Kenya fourth in Africa’s dollar millionaires rank



Kenya has been ranked fourth in terms of the number of dollar millionaires, according to a report by research firm New World Wealth and Henley & Partners which helps high-net-worth individuals to acquire residence or citizenship through investment.

The Africa Wealth Report 2022 indicates that Kenya has 8,500 individuals with a net worth of over $1 million (Sh115.7 million).

The population of Kenya’s dollar millionaires in the study is significantly higher than estimates in other reports, indicating the difficulty of tracking the wealthy in Africa.

The latest Knight Frank Wealth Report put the number of Kenya dollar millionaires at 3,323.

The Africa Wealth Report 2022 drew from intelligence gathered by New World Wealth as well as Henley & Partners’ database of high-net-worth individuals, comprising mainly of people with the title of director, CEO, founder and partner.

South Africa has the highest number of dollar millionaires at 39,300 followed by Egypt (16,900) and Nigeria (10,000), according to the first wealth report by Henley.

Kenya is fourth again in terms of those with a net worth of $10 million (Sh1.1 billion) or more. The country has 340 such individuals, behind Nigeria (510), Egypt (880) and South Africa (2,080).

Kenya is ranked fifth in terms of the population of individuals with a net worth of at least $100 million (Sh11.5 billion), also known as centi-millionaires.

The country had 15 such individuals, trailing Morocco (22), Nigeria (28), Egypt (57) and South Africa (94).

The report could not identify a Kenya-based dollar billionaire. The few billion-dollar fortunes in the country are spread out among several family members, making it difficult to single out stand-alone ultra-rich individuals.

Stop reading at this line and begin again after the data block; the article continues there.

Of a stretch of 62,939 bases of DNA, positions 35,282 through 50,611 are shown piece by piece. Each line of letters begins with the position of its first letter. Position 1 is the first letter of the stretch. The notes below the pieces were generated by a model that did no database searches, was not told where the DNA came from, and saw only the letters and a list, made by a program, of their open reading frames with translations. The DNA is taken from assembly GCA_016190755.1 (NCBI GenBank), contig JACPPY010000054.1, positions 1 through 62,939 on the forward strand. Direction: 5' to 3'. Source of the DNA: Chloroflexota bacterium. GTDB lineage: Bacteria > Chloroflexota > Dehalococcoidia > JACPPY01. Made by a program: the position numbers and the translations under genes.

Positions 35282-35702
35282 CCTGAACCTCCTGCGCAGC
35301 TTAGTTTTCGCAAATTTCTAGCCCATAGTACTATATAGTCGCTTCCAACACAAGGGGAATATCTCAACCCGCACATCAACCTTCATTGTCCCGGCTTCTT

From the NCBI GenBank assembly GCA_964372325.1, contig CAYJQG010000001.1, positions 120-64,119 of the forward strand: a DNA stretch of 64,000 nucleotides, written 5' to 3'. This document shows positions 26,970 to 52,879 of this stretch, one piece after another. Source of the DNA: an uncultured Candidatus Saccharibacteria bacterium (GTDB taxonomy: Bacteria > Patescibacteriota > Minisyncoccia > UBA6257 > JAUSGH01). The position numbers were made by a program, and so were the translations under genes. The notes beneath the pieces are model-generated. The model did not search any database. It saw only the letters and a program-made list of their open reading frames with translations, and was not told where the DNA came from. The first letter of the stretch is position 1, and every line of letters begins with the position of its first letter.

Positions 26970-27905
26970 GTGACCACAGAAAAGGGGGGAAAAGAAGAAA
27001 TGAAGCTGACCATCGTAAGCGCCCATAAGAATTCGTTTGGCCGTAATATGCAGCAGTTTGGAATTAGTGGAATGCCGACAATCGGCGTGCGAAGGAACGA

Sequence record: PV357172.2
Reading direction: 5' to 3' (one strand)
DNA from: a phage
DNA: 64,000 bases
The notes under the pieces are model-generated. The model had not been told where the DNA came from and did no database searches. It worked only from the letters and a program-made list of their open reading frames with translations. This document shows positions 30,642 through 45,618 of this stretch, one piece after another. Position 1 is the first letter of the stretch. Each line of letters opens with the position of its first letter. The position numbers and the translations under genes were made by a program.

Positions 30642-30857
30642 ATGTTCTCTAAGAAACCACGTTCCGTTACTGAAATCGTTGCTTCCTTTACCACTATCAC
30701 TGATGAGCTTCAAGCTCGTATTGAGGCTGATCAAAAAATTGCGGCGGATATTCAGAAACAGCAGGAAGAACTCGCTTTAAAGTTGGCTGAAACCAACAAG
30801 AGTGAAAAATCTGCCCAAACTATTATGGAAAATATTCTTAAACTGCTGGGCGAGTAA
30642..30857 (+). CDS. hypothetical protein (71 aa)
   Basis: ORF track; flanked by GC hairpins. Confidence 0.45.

Egypt leads with seven dollar billionaires, followed by South Africa (five), Nigeria (four) and Morocco (three).

In terms of wealth held by private citizens, Kenya has $91 billion (Sh10.5 trillion) and is ranked fifth. South African citizens have the greatest combined wealth at $651 billion, followed by Egypt ($307 billion) and Nigeria ($228 billion).

“Total wealth refers to the private wealth held by all the individuals living in a country, including all their assets (property, cash, equities and business interests) less any liabilities. We exclude government funds from our figures,” the report says.

Kenya is eighth as measured by the wealth of the average citizen. Wealth per capita in the country stands at $1,700 (Sh197,000), underlining the gap between ordinary citizens and the super-rich.

Mauritius is the richest in Africa with a wealth per capita of $34,500, followed by South Africa ($10,970), Namibia ($9,320), Botswana ($7,880), Morocco ($3,380), Egypt ($3,000) and Ghana ($1,890).

Economic vibrancy and population size are the key determinants of average wealth.

A highly populated country with a weak economy will have a low wealth per capita while a small rich nation has a high average wealth.

This, for instance, saw Kenya beat Nigeria whose wealth per capita stood at $1,100 (Sh127,500).

Despite being the largest economy on the continent, Nigeria was also bested by South Africa in the population of dollar millionaires and billionaires.

Kenya’s capital Nairobi was ranked the sixth richest in Africa with a total private wealth of $48 billion (Sh5.5 trillion).

Wealth in the country has traditionally been concentrated in Nairobi, which has hosted government operations and most industries and financial institutions since independence.

The introduction of devolution in 2013 is expected to reduce the wealth concentration in the capital. Mombasa is second in the country and at number 23 in Africa with $7 billion (Sh811 billion) of private wealth.

Africa’s two wealthiest cities are in South Africa. Johannesburg is the wealthiest, with total private wealth of $239 billion, followed by Cape Town with total private wealth of $131 billion.

The report says the population of the wealthy in Kenya and other African countries is expected to grow significantly in the coming years, fuelling the hunt for cross-border investments, residency, and citizenship.

“New World Wealth has predicted a healthy wealth growth of 38 percent for Africa in the next decade, and several Eastern African countries stand out — with over 60 percent growth expected in Uganda and Rwanda by 2031, and over 50 percent in Kenya and Zambia,” the report says.

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